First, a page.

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Unformatted text preview: riends ought to treat us well and
not badly. We are angry with those who have usually treated us with honour or regard, if a
change comes and they behave to us otherwise: for we think that they feel contempt for us,
or they would still be behaving as they did before. And with those who do not return our
kindnesses or fail to return them adequately, and with those who oppose us though they are
our inferiors: for all such persons seem to feel contempt for us; those who oppose us seem to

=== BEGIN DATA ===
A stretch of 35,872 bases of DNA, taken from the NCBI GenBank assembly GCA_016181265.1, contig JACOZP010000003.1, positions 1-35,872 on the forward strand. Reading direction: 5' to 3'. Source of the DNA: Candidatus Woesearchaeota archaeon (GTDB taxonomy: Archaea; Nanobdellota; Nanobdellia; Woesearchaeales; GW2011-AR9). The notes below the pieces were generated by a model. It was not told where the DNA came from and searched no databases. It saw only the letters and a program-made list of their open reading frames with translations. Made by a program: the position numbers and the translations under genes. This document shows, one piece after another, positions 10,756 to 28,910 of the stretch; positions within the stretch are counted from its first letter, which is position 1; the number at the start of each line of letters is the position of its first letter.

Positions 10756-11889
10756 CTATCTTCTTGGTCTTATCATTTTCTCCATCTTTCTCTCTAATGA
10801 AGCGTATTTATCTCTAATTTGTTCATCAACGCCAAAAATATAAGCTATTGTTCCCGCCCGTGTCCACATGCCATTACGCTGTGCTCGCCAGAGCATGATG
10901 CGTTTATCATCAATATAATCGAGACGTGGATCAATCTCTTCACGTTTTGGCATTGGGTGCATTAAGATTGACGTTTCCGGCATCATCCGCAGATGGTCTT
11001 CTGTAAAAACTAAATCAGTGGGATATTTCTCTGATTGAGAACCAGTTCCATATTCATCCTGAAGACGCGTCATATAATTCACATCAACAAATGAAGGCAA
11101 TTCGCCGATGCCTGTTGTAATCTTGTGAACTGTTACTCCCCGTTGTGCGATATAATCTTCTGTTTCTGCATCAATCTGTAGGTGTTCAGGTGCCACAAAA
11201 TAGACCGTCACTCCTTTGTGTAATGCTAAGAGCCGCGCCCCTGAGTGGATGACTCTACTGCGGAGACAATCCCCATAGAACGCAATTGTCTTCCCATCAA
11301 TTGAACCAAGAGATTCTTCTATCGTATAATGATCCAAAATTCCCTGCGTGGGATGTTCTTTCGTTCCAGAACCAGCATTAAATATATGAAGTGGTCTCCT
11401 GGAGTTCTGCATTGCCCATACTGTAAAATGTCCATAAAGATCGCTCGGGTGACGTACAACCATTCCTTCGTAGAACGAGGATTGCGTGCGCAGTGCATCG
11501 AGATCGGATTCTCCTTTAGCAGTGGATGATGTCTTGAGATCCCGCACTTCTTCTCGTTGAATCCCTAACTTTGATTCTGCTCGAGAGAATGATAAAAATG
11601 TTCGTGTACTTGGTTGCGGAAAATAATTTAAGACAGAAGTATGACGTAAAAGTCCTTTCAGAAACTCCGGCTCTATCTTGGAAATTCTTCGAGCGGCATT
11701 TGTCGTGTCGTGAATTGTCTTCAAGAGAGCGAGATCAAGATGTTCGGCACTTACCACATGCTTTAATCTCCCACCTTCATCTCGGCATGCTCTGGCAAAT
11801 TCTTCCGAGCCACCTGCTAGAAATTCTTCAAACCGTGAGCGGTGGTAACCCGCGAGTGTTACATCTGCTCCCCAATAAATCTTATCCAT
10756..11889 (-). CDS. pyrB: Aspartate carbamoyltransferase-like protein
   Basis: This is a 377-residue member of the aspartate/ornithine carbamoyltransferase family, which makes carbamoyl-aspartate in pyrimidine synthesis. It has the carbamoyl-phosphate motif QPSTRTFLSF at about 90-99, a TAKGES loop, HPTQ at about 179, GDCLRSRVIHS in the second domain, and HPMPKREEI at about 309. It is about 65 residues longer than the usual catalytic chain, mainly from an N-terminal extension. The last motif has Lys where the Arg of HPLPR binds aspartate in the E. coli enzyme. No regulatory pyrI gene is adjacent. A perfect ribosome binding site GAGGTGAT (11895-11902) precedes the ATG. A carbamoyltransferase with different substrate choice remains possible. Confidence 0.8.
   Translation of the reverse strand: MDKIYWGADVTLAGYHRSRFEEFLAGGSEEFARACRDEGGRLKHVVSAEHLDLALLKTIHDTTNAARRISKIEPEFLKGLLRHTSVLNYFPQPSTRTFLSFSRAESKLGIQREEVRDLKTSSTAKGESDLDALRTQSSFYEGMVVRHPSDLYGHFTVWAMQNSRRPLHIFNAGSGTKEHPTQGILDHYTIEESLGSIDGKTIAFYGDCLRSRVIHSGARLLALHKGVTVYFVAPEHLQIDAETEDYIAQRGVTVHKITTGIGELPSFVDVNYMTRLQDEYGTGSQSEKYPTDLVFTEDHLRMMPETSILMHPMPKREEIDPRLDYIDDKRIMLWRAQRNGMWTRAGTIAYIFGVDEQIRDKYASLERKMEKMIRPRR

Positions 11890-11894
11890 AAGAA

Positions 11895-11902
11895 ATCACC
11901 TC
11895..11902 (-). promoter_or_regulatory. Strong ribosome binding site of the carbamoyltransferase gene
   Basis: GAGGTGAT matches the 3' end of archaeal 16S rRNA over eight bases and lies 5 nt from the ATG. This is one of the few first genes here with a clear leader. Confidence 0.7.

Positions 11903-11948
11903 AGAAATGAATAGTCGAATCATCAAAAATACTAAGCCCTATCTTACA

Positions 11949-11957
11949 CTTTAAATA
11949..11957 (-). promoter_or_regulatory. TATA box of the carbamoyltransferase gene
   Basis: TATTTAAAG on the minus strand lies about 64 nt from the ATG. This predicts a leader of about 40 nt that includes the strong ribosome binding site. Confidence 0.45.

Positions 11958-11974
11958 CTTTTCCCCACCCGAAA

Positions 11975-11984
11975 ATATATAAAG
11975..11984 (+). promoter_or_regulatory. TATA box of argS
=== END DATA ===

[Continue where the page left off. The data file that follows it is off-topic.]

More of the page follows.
think us inferior to themselves, and those who do not return our kindnesses seem to think
that those kindnesses were conferred by inferiors. And we feel particularly angry with men
of no account at all, if they slight us. For, by our hypothesis, the anger caused by the slight is
felt towards people who are not justified in slighting us, and our inferiors are not thus
justified. Again, we feel angry with friends if they do not speak well of us or treat us well;
and still more, if they do the contrary; or if they do not perceive our needs, which is why
Plexippus is angry with Meleager in Antiphon's play; for this want of perception shows that
they are slighting us - we do not fail to p...
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This document was uploaded on 03/29/2014.
- Spring '14